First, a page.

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    Measuring obesity in the absence of a gold standard

    O'Neill, Donal (2015) Measuring obesity in the absence of a gold standard. Economics and Human Biology, 17. pp. 116-128. ISSN 1570-677X

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    Reliable measures of body composition are essential to develop effective policies to tackle obesity. The lack of an acceptable gold-standard for measuring fatness has made it difficult to evaluate alternative measures of obesity. We use latent class analysis to characterise existing diagnostics. Using data on US adults we show that measures based on body mass index and bioelectrical impedance analysis misclassify large numbers of individuals. For example, 45% of obese White women are misclassified as non-obese using body mass index, while over 50% of non-obese White women are misclassified as being obese using bioelectrical impedance analysis. In contrast the misclassification rates are low when waist circumference is used to measure obesity. These results have important implications for our understanding of differences in obesity rates across time and groups, as well as posing challenges for the econometric analysis of obesity.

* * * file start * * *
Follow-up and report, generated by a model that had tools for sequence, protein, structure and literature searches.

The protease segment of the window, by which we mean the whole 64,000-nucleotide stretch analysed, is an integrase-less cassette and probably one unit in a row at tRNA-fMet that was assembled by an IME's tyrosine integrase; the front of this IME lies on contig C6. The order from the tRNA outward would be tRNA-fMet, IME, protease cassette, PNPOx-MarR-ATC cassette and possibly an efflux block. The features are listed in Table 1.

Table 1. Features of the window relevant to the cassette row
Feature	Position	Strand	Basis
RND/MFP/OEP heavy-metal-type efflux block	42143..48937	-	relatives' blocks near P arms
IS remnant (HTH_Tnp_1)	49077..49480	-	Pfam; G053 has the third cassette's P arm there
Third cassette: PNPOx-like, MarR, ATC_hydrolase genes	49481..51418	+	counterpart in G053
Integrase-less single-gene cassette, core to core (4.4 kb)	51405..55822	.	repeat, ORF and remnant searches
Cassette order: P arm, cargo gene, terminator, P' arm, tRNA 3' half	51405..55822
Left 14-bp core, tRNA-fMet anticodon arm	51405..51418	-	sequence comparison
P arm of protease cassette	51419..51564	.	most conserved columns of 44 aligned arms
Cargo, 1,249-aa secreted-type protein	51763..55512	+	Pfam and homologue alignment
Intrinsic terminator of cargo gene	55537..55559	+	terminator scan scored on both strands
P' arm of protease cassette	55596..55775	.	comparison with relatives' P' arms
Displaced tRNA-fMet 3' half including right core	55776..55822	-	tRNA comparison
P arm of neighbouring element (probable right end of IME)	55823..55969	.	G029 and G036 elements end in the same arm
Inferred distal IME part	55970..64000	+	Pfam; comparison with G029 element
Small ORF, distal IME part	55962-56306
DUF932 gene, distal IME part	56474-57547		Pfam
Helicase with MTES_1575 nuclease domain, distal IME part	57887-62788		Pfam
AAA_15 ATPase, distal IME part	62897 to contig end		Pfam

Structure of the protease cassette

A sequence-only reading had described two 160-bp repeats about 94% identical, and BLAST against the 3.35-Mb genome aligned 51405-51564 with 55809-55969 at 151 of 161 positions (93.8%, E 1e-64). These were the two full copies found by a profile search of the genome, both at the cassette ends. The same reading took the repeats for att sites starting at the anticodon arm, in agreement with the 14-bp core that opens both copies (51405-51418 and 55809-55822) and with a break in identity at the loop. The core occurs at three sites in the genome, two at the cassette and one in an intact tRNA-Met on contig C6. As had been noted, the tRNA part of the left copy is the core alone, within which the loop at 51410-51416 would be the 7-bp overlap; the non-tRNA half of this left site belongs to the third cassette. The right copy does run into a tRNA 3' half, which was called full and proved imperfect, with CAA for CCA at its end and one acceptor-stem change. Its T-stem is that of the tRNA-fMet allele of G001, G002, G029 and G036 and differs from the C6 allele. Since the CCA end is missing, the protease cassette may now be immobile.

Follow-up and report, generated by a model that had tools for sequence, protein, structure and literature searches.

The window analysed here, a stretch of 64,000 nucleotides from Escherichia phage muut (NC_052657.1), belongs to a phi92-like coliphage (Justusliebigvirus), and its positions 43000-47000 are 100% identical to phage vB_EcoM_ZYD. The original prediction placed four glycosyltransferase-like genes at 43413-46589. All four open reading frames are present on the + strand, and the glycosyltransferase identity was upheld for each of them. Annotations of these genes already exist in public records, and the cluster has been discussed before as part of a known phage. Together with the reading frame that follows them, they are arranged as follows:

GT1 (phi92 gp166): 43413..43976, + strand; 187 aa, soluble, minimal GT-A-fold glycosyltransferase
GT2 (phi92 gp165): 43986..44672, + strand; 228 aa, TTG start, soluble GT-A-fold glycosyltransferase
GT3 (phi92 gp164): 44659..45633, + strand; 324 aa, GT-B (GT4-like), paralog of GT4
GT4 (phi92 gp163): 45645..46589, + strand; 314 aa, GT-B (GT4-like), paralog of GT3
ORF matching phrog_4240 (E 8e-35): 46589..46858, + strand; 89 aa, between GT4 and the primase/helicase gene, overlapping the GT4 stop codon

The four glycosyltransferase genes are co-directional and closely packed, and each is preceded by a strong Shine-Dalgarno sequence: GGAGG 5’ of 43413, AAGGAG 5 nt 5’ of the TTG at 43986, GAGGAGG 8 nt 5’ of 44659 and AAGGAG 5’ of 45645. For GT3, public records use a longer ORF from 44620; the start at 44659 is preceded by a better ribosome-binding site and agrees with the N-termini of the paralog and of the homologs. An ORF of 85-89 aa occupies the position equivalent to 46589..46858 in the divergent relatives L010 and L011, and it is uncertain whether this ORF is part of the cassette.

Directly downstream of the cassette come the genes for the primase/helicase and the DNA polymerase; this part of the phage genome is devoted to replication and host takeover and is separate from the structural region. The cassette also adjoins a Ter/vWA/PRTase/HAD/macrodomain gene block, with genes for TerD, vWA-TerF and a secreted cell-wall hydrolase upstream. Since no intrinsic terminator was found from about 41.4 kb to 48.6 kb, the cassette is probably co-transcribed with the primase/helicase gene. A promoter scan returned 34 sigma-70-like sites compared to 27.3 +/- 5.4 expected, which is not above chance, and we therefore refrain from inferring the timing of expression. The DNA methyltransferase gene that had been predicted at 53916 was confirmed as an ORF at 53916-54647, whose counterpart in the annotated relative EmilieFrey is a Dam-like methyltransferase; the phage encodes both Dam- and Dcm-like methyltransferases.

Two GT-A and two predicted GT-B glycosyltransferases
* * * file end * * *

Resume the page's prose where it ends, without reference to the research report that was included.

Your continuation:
Item Type: Article
    Academic Unit: Faculty of Social Sciences > Economics, Finance and Accounting
    Item ID: 8690
    Identification Number:
    Depositing User: Donal O'Neill
    Date Deposited: 28 Aug 2017 08:58
    Journal or Publication Title: Economics and Human Biology
    Publisher: Elsevier
    Refereed: Yes
    Use Licence: This item is available under a Creative Commons Attribution Non Commercial Share Alike Licence (CC BY-NC-SA). Details of this licence are available here

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